1.5 Marion Clark (1867–1938).[19] Married Louis Childs Madeira (1853–1930) in 1890.[10] They had three children:
1.5.1 Edward W. Madeira
1.5.2 Crawford Clark Madeira (1894–1967). He married Sarah Claypool Neilson in 1918.[20] They had three children:
1.5.2.1 Crawford Clark Madeira (1929–2009),[21]
1.5.2.2 Harry R. Madeira,[21]
1.5.2.3 Lewis Neilson Madeira (University of Pennsylvania class of 1943, non-grad.), who had at least one child:
1.5.2.1.1 Lewis Neilson Madeira, Jr. (University of Pennsylvania class of 1967), who had at least one child:
1.5.2.1.1.1 David Clark Madeira (University of Pennsylvania class of 1989; M.G.A. 1996).
1.5.3 Elizabeth Madeira (1906–2001)
1.6 Percy Hamilton Clark (1873–1965), a top U.S. cricket player. He married Elizabeth Roberts, daughter of the president of the Pennsylvania Railroad.[22] They had at least one child:
1.6.1 Mary Todhunter "Tod" Clark (1907–1999), who in 1930 married the future New York governor and U.S. vice president Nelson Rockefeller. They had five children. They divorced in 1962, which was considered to have hurt Nelson's 1964 bid to become the GOP's candidate for U.S. president.[22]
1.6.1.1 Rodman Rockefeller
1.6.1.2 Anne Rockefeller
1.6.1.3 Steven Clark Rockefeller
1.6.1.4 and .5 twins Michael Clark Rockefeller and Mary Rockefeller.
2 Sarah Crawford Clark (1832-1835). Buried in North Burial Ground in Providence, Rhode Island.[23]
3 Clarence Howard Clark, Sr. (1833–1906). Clarence Clark married Amie Hampton Wescott, who died in 1870 during childbirth. They had at least one child:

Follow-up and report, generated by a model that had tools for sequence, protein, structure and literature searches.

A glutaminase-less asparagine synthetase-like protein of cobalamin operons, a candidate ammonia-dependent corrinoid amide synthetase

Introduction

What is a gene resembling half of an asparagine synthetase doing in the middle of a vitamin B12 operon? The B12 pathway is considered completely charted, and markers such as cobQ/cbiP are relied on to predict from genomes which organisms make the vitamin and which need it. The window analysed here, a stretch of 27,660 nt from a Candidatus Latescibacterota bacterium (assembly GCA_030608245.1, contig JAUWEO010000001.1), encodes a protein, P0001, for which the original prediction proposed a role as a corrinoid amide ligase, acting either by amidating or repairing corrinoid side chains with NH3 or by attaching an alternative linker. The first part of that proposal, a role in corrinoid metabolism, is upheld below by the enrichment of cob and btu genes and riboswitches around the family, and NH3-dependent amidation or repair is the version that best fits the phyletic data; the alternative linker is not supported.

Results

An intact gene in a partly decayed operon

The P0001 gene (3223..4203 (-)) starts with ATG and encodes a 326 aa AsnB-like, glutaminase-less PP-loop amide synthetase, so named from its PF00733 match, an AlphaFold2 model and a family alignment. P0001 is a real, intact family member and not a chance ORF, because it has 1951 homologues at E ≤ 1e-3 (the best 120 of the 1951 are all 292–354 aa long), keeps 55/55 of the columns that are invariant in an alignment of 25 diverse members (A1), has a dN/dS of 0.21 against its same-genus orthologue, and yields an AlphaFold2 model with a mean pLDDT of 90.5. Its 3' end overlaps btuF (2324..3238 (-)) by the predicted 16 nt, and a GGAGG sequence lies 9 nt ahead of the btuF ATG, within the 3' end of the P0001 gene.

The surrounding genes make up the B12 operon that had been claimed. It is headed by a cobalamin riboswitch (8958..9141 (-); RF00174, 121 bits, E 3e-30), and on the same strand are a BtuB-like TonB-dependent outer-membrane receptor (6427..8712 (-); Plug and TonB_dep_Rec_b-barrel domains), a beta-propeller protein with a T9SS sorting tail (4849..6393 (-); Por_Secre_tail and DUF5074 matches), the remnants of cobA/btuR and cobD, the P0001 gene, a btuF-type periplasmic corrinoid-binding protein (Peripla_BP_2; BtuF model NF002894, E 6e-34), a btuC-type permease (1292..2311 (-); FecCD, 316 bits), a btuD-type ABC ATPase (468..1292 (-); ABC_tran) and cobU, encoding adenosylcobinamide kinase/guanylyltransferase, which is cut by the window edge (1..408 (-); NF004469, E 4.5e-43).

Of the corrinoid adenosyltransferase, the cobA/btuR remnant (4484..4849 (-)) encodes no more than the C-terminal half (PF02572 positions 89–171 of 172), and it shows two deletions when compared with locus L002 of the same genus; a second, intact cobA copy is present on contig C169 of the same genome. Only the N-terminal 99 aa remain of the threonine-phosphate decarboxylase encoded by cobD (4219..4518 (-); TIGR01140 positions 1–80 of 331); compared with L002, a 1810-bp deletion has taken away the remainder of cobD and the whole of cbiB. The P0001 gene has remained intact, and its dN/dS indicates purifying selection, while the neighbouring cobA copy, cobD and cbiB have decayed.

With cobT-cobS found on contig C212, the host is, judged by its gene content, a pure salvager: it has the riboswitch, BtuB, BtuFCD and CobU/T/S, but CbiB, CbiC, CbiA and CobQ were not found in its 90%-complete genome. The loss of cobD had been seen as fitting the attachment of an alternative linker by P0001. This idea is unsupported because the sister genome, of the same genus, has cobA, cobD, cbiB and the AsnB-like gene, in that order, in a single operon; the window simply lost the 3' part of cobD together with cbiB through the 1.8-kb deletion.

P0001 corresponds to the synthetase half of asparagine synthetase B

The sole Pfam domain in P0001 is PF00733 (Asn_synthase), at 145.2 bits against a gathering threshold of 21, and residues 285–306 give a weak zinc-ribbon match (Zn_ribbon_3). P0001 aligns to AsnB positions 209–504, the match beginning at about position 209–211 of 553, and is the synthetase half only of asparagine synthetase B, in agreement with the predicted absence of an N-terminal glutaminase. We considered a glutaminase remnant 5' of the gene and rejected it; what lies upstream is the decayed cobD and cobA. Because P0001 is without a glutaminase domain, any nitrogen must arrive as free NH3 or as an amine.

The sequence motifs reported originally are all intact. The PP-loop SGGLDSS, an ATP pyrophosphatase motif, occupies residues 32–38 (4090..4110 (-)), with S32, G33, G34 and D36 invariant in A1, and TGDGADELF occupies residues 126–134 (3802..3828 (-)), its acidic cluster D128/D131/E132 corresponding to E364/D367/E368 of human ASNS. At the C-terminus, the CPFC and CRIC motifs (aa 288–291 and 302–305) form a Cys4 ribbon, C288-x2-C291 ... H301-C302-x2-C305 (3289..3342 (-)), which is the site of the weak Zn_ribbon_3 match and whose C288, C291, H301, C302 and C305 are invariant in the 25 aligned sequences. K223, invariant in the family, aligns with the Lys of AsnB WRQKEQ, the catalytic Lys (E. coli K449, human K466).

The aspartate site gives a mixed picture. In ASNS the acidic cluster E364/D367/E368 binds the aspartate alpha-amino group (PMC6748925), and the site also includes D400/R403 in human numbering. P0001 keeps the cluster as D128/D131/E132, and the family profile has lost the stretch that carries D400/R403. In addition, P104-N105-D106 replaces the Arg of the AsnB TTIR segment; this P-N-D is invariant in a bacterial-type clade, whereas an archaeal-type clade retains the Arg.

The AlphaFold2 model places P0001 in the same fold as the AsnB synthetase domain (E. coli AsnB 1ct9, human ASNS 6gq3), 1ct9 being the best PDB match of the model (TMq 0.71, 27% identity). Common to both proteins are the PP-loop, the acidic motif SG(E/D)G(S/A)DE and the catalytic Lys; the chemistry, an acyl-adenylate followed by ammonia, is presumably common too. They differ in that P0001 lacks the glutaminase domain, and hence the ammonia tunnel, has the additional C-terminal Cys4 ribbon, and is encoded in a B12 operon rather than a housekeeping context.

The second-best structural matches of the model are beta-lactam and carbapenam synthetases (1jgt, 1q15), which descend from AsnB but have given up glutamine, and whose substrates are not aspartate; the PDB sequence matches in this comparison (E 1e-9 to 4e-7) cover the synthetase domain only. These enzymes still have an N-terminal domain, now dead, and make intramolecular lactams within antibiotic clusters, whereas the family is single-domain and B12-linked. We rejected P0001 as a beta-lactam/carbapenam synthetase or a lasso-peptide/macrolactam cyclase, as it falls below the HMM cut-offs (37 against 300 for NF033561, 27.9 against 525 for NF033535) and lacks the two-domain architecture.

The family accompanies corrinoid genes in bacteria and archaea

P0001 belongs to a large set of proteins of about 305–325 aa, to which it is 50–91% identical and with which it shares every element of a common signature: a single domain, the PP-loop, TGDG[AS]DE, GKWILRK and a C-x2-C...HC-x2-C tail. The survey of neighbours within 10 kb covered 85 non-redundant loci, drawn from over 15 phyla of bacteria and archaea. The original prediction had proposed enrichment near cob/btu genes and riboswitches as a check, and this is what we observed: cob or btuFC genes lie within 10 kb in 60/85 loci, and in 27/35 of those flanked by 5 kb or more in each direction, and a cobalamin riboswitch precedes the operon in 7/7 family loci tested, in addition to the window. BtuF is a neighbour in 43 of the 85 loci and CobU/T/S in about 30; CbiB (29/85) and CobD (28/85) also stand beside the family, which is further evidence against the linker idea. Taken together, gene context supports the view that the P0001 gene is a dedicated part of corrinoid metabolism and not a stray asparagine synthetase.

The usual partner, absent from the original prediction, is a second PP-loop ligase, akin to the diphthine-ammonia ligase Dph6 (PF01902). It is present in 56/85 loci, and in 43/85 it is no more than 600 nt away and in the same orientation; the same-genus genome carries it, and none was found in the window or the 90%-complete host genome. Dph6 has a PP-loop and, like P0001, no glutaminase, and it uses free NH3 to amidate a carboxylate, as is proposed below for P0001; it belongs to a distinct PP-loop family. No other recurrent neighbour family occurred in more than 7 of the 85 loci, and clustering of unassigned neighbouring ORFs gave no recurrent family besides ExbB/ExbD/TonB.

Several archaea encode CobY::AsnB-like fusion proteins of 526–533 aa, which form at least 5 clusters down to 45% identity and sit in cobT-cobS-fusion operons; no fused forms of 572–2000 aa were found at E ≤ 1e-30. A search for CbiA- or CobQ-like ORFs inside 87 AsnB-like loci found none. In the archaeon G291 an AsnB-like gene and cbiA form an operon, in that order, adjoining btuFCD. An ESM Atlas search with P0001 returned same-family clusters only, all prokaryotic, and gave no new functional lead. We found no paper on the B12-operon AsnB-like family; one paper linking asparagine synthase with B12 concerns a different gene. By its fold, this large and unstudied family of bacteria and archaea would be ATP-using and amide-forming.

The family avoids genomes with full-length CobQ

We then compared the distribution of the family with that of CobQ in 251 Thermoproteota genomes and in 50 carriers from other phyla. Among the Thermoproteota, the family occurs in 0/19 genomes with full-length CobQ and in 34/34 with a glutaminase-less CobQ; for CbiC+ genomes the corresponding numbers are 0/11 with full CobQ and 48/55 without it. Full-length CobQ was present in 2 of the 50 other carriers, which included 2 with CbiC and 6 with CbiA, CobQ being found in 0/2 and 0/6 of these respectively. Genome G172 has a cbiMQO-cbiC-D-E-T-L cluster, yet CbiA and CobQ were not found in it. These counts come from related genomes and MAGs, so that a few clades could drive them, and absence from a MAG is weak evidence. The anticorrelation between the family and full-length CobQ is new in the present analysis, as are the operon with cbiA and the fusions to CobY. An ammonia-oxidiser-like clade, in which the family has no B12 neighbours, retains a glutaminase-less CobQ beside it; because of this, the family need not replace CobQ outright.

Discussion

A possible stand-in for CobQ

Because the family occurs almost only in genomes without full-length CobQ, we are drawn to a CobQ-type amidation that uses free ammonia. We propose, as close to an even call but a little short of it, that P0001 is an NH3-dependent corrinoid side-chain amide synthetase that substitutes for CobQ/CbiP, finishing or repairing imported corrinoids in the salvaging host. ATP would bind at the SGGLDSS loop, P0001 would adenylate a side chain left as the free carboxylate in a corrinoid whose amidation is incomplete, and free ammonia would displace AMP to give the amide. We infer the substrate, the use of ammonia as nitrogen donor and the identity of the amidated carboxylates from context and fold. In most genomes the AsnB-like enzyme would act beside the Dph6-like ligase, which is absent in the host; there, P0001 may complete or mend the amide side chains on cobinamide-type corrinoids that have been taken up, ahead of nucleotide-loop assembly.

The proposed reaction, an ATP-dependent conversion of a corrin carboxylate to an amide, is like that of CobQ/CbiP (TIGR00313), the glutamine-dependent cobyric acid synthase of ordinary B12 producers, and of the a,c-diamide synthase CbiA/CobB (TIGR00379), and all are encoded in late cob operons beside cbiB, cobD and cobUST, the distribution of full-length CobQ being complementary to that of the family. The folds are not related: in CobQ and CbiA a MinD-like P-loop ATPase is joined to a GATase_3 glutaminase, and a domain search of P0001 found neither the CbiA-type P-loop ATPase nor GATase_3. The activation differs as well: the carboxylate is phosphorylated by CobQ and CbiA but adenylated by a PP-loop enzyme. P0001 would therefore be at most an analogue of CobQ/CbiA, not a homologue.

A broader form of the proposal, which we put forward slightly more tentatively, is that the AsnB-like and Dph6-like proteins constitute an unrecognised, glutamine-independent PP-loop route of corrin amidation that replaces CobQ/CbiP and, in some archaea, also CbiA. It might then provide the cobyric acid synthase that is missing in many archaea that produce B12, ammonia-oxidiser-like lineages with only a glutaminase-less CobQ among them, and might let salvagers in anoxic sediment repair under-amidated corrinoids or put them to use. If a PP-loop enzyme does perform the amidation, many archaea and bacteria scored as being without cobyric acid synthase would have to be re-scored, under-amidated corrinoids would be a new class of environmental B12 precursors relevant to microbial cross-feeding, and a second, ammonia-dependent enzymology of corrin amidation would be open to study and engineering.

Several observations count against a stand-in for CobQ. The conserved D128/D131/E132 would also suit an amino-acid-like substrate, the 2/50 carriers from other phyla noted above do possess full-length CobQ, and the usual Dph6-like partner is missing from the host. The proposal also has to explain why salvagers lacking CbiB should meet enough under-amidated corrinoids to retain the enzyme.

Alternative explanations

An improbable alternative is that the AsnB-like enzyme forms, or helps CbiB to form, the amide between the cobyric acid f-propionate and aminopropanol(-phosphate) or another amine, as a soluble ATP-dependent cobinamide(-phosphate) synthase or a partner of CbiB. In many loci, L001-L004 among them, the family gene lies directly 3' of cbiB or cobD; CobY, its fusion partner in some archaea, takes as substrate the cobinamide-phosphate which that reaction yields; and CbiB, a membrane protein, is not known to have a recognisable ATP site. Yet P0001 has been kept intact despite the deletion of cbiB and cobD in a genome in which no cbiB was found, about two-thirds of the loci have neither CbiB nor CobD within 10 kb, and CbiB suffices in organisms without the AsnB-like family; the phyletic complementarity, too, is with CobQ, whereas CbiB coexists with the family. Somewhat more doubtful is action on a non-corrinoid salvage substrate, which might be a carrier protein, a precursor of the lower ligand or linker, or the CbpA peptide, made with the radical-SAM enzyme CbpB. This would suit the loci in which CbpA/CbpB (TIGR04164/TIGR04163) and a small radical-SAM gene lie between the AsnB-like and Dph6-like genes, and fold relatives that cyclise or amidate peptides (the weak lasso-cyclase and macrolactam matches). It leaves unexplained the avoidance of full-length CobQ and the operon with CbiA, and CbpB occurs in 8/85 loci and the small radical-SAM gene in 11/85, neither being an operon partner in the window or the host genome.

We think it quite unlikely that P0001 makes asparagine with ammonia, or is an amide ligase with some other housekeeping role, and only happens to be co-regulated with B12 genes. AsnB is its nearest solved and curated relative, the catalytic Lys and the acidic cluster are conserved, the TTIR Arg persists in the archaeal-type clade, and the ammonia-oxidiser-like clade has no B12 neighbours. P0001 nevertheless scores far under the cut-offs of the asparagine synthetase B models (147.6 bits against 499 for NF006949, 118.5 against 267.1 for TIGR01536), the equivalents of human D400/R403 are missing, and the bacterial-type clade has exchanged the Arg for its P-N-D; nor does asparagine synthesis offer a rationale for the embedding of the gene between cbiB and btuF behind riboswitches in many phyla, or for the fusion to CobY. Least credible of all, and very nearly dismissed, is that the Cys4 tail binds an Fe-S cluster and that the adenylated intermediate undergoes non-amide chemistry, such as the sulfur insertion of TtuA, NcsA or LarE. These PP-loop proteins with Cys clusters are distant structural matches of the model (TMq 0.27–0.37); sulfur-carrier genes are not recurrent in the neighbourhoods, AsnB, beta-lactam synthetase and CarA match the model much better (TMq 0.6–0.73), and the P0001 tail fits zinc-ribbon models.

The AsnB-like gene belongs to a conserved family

3.1 Clarence Howard Clark, Jr. (1862–1916); In 1873, he married Marie Motley Davis and they had a son:
3.1.1 Charles Clark III. Married Eleanor Townsend Clark (1899-1981), with whom he had two daughters and a son:
3.1.1.1 Eleanor Yerkes
3.1.1.2 daughter, name unknown
3.1.1.3 Clarence H. Clark IV,[24] who served in the Army Air Corps during World War II and married Jean E. Clark. They had a son and a daughter:
3.1.1.3.1 Clarence H. Clark V, who married Kathleen, and had a son and a daughter:[25]
3.1.1.3.1.1 Chip Clark
3.1.1.3.1.2 Betsy Clark
3.1.1.3.2 Amy Clark (d. 2012).
4 J. Hinckley Clark (ca. 1835-1889). Became partner in E.W. Clark & Co. in 1872.[26]
5 Frank Hamilton Clark (1844-1882). Banker, president of the Lake Superior and Mississippi Railroad.
6 Sarah Crawford Clark (?-?): Married Alfred Zantzinger,[27] with whom she had one son:
6.1 Clarence Clark Zantzinger (1872-1954), an architect and public servant in Philadelphia.
7 Mary White Clark (?-?): Married John Appleton Burnham.[28][29] They had at least two daughters:
7.2 Helen Clark Burnham (born in Massachusetts).[30]
7.3 Annie Crawford Grew (born in Massachusetts), who married Edward S. Grew.[30]

References[edit]